Philosophy, June 21st

“But when a man begins to get older, he will no longer be guilty of such insanity; he will imitate the dialectician who is seeking for truth, and not the eristic, who is contradicting for the sake of amusement; and the greater moderation of his character will increase instead of diminishing the honor of the pursuit.” – Plato, The Republic

“The colonial system and the extension of the world market, both of which form part of the general conditions for the existence of the manufacturing period, furnish us with rich materials for displaying the division of labor in society. This is not the place, however, for us to show how division of labor seizes upon, not only the economic, but every other sphere of society, and everywhere lays the foundation for that specialization, that development in a man of one single faculty at the expense of all others, which already caused Adam Ferguson, the master of Adam Smith, to exclaim: ‘We make a nation of Helots, and have no free citizens.'” – Karl Marx, Capital

“Nevertheless, these are exceptions in antiquity. But as soon as peoples whose production still moves within the lower forms of slave-labor, the corvee, etc. are drawn into a world market dominated by the capitalist mode of production, whereby the sale of their products for export develops into their principal interest, the civilized horrors of over-work are grafted onto the barbaric horrors of slavery, serfdom etc. Hence the Negro labor in the southern states of the American Union preserved a moderately patriarchal character if production was chiefly directed to the satisfaction of immediate local requirements. But in proportion as the export of cotton became of vital interest to those states, the over-working of the Negro, and sometimes the consumption of his life in seven years of labor, became a factor in a calculated and calculating system. It was no longer a question of obtaining from him a certain quantity of useful products, but rather of the production of surplus-value itself.” – Karl Marx, Capital

“Therefore, entirely leaving aside all accumulation, the mere continuity of the production process, in other words simple reproduction, sooner or later, and necessarily, converts all capital into accumulated capital, or capitalized surplus-value. Even if that capital was, on its entry into the process of production, the personal property of the man who employs it, and was originally acquired by his own labor, it sooner or later becomes value appropriated without an equivalent, the unpaid labor of others materialized either in the money-form or in some other way.” – Karl Marx, Capital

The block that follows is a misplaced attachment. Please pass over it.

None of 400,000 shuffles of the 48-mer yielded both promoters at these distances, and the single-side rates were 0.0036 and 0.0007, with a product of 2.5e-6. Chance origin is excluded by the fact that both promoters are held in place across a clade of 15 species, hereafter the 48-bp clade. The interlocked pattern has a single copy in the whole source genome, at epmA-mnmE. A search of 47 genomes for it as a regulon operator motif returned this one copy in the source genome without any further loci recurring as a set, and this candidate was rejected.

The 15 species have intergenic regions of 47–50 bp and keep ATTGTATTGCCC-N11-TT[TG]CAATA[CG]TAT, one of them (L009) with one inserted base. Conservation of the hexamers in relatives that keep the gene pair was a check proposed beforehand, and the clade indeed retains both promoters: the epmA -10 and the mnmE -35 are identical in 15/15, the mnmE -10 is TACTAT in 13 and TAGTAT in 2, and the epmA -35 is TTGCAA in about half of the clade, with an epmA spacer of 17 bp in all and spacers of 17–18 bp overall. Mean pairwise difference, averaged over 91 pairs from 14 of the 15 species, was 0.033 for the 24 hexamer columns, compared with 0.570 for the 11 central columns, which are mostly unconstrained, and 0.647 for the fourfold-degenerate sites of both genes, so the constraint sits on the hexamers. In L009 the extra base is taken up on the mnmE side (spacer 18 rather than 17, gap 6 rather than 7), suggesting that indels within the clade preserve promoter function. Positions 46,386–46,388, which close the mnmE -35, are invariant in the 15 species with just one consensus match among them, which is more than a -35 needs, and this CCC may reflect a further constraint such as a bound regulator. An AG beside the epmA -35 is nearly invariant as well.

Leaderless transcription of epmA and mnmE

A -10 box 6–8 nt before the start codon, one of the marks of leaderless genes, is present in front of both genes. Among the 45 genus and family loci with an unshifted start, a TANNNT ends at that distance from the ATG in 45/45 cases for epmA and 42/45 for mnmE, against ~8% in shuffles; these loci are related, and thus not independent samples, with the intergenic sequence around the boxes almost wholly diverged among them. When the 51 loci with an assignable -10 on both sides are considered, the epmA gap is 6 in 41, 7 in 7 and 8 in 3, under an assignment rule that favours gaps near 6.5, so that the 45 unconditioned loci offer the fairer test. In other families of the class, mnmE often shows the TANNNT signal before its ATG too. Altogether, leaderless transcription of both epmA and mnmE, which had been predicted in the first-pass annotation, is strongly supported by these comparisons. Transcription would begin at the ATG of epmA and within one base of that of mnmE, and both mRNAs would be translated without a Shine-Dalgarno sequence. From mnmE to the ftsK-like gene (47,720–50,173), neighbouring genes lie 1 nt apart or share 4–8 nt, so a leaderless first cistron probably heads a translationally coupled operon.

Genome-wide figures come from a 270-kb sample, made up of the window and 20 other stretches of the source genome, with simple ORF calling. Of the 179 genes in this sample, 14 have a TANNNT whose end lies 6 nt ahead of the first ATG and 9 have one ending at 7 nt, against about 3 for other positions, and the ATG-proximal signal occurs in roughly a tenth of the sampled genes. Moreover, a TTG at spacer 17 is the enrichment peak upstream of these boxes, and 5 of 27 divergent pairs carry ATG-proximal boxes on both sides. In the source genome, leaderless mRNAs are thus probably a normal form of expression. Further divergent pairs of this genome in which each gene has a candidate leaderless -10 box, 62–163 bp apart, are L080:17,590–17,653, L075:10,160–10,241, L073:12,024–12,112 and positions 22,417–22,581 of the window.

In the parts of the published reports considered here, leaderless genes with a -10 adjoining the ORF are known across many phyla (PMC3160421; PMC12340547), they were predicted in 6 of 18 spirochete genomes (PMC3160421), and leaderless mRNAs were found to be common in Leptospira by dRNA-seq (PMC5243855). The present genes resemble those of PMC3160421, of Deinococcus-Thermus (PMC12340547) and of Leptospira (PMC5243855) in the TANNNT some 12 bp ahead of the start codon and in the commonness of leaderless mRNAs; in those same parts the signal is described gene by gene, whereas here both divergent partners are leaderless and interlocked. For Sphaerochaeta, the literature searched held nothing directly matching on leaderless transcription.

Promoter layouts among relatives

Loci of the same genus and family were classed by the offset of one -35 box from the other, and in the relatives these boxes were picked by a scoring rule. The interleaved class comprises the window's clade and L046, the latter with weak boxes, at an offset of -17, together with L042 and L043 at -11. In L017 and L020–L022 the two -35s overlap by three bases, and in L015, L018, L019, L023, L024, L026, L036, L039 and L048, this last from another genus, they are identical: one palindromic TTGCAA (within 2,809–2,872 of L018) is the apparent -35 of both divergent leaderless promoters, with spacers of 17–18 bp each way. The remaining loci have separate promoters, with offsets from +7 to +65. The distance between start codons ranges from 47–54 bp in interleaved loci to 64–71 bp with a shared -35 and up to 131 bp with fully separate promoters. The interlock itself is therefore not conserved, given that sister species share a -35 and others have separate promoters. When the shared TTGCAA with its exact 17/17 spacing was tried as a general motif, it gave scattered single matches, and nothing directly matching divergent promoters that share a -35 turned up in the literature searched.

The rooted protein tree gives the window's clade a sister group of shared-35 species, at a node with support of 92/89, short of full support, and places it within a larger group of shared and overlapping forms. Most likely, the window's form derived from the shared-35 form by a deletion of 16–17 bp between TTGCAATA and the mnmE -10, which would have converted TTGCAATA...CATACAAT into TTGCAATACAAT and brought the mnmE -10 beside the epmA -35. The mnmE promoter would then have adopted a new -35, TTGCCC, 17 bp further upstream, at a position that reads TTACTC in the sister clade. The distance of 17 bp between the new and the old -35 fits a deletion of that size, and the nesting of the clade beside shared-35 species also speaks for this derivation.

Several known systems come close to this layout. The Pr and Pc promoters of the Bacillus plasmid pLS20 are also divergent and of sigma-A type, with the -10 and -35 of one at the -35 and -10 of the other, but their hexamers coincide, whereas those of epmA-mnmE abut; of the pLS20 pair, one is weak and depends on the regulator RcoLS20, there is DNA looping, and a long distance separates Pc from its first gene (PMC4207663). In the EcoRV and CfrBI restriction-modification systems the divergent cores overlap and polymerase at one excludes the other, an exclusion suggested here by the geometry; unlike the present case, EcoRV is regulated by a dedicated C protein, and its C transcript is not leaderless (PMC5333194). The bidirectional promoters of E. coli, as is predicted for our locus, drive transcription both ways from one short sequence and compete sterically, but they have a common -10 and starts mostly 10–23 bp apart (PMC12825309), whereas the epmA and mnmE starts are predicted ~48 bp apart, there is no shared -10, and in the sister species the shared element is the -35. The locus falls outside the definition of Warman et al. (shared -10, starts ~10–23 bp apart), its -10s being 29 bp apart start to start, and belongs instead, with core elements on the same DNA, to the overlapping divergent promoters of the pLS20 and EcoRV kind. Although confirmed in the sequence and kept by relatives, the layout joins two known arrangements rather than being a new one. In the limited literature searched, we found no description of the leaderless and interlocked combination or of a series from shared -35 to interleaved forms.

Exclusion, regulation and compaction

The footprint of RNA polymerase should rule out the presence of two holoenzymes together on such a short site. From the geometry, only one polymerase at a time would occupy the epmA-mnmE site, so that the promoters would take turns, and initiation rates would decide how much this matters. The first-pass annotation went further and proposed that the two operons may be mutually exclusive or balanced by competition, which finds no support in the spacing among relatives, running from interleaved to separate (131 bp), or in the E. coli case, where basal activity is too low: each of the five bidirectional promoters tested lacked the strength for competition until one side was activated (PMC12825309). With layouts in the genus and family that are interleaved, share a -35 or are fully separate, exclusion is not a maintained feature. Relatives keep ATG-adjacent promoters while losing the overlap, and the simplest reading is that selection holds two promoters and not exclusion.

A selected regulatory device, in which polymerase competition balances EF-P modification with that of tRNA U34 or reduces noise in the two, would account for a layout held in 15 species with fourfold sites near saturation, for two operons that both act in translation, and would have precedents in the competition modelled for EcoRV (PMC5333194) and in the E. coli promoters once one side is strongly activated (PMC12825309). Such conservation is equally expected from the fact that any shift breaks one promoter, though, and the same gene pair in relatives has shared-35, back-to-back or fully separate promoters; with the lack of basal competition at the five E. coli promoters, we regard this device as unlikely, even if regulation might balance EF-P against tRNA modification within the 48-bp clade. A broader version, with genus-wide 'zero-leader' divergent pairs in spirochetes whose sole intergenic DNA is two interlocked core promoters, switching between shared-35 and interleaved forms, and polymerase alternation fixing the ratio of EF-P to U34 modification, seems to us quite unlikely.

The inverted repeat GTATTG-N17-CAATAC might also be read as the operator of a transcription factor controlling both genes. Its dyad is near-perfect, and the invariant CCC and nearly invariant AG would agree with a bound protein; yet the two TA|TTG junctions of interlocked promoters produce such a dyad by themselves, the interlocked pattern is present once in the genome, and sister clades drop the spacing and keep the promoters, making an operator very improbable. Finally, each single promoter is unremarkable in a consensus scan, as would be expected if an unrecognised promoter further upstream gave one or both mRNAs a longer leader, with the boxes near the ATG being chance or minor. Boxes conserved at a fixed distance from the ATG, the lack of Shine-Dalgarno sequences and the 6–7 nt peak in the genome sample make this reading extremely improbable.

My meaning, Sancho, is, that the desire of fame is a most active principle in the human breast. What, do’st thou imagine was the motive that prevailed on Horatio to throw himself from the bridge, armed at all points, into the depth of the river Tyber? What induced Mutius to burn his hand and arm? What impelled Curtius to dart himself into the flaming gulph, which opened in the midst of Rome? What prompted Caesar to pass the Rubicon, in spite of all the unfavorable omens that appeared? And, to give you a more modern instance, what consideration bored the ships, and let on shore, encompassed with enemies, those valiant Spaniards, in the new world, under the conduct of the most courteous Cortez. All these, and many other great and various exploits, are, were and shall be performed, in consequence of that desire of fame, which flatters mortals with a share of that immortality which they deem the merited reward of their renowned achievements: although, we catholic Christian knights-errant, ought to pay greater attention to that glory which is to come, and eternally survives within the eternal and celestial mansions, than to the vanity of that fame which is obtained in this present, perishable state, and which, considered in its longest duration, must end at length, with the world itself, which hath its appointed period. Wherefore, Sancho, our works must not exceed the limits prescribed by the Christian religion, which we profess. We must, in slaying giants, extirpate pride; get the better of envy by benevolence and virtue; resist anger with patience and forbearance; conquer gluttony and sloth by temperance and watchfulness; luxury and lewdness by our fidelity to those whom we constitute mistresses of our inclination; and idleness by travelling through all parts of the world, in quest of opportunities to evince ourselves not only Christians, but, moreover, renowned knights.” – Miguel de Cervantes, Don Quixote

Published by jim

Curator of things...

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